As is the case with cross-selling, it’s important that companies consider segmentation, relevancy, and timing in order to increase the likelihood that upsell offers appeal to customers. For instance, if a B2B customer just achieved a success milestone as a result of using a SaaS product and has already maxed out its number of licenses, suggesting an upgrade to a higher service plan would feel authentic and thus is likely to be successful.

On the other hand, if the SaaS provider recommended an upgrade when the customer has only just begun using the product and has only activated half of its allotted user licenses, this type of offering would come across as inauthentic. Not only would such a pitch be unlikely to bring in any additional revenue, it could even damage the company’s standing with an existing customer.

You Have to Spend Money to Make Money

When executed thoughtfully, upsells and cross-sells present a potential win for both the company and customer. As Keap sums it up, “You’re able to predict their needs without them having to ask while generating more revenue from the purchase.” That said, business leaders need to recognize that a significant investment will likely be required to transition their contact centers from solely providing break-fix customer support to engaging in the type of profit-generating activities discussed above.

Given the previous conception of the contact center as a cost center, most business leaders are naturally accustomed to keeping its associated costs as low as possible. “Because call center costs tend to be small in proportion to revenue, minimizing a ratio such as cost/revenue systematically stresses cost cutting over revenue generation,” explains DMNews. “To maintain [a 5 percent] ratio, the center would need to increase revenue by $20 to justify a mere $1 increase in costs.”

When viewed through this lens, it’s no wonder that contact center managers, striving to decrease their cost/revenue ratio, are afraid to spend money on initiatives that would likely to lead to higher revenues. But such investment is precisely what’s required.


Data from Loudhouse Research indicates that 86 percent of contact center leaders don’t think their agents currently have the necessary skills to successfully engage in cross-selling and upselling. Accordingly, the most impactful investment a business can make in terms of converting its contact center into a profit generator is in its agent hiring and training practices.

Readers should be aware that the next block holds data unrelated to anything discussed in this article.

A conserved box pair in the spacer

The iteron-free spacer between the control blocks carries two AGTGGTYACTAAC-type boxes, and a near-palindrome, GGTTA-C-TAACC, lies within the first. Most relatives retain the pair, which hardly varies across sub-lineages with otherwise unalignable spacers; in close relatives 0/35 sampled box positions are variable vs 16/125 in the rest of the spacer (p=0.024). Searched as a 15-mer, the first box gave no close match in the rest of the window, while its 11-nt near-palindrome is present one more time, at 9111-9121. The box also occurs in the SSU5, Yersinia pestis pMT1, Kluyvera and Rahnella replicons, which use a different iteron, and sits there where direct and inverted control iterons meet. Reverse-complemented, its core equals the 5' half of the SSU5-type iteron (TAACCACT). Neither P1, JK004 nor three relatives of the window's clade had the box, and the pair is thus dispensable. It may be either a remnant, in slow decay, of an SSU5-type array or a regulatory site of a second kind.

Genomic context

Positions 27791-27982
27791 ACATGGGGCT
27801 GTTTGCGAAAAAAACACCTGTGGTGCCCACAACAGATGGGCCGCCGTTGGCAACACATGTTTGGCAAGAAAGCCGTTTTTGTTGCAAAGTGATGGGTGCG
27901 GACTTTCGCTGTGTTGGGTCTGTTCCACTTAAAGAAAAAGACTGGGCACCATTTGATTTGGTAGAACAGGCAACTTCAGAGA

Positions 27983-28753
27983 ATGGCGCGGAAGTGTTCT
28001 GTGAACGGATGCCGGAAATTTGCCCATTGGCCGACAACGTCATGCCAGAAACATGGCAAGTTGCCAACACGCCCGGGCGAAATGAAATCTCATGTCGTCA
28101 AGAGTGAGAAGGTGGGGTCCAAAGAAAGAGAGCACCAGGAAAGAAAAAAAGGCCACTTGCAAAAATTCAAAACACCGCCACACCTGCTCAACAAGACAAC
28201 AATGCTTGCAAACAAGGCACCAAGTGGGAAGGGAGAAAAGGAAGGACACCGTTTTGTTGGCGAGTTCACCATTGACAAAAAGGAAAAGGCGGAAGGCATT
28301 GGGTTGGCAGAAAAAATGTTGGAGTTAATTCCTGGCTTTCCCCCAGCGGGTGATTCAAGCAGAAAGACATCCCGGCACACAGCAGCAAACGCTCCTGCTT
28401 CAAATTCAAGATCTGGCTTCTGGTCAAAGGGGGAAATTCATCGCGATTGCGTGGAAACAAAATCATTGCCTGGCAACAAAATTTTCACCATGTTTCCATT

“Not all customer service agents are born salespeople,” explains Platform 28. “The skill sets of customer service and sales have some overlap: both are people-intensive, involve listening and speaking, and require the ability to work toward providing solutions. However, because of the traditional emphasis on speed in resolving customer service requests, agents may need significant retraining to learn how to take the time to go deeper, and to hear beyond the spoken words to ferret out potential upsell and cross-sell opportunities.”

As contact centers shift their hiring and training practices to place a greater emphasis on sales skills, they must also adjust the metrics used to measure agent performance. “Focusing strictly on straight productivity metrics and managing a contact center primarily as a cost center simply is no longer feasible,” writes Business2Community.

DMNews agrees, advising contact centers to “place minimal emphasis on talk times. Cutting talk times saves pennies in costs and risks dollars of revenue.” In fact, WNS reports that “a 10-15 percent increase in AHT (Average Handle Time) can lead to the drastic increase in net conversion or incremental sales per day, which then adds up to phenomenal increase in net incremental revenue and profit margin from the contact center.” Accordingly, WNS recommends that contact centers track metrics such as “‘conversion’ or the ‘number of bookings’ or ‘Dollar value’ that measure sales effectiveness” in addition to existing KPIs like NPS, CES, and CSAT.

Concluding Thoughts

Converting a contact center from a cost center to a revenue center is no easy task, likely requiring a significant investment in hiring and training as well as changes to metrics processes. But the potential upside far outweighs the risks. For example, McKinsey found that “a customer contact center can generate up to 25 percent of total new revenues for credit card companies and up to 60 percent for telecom operators.” As Tom Cruise exclaims in the movie Jerry Maguire, “Show me the money!”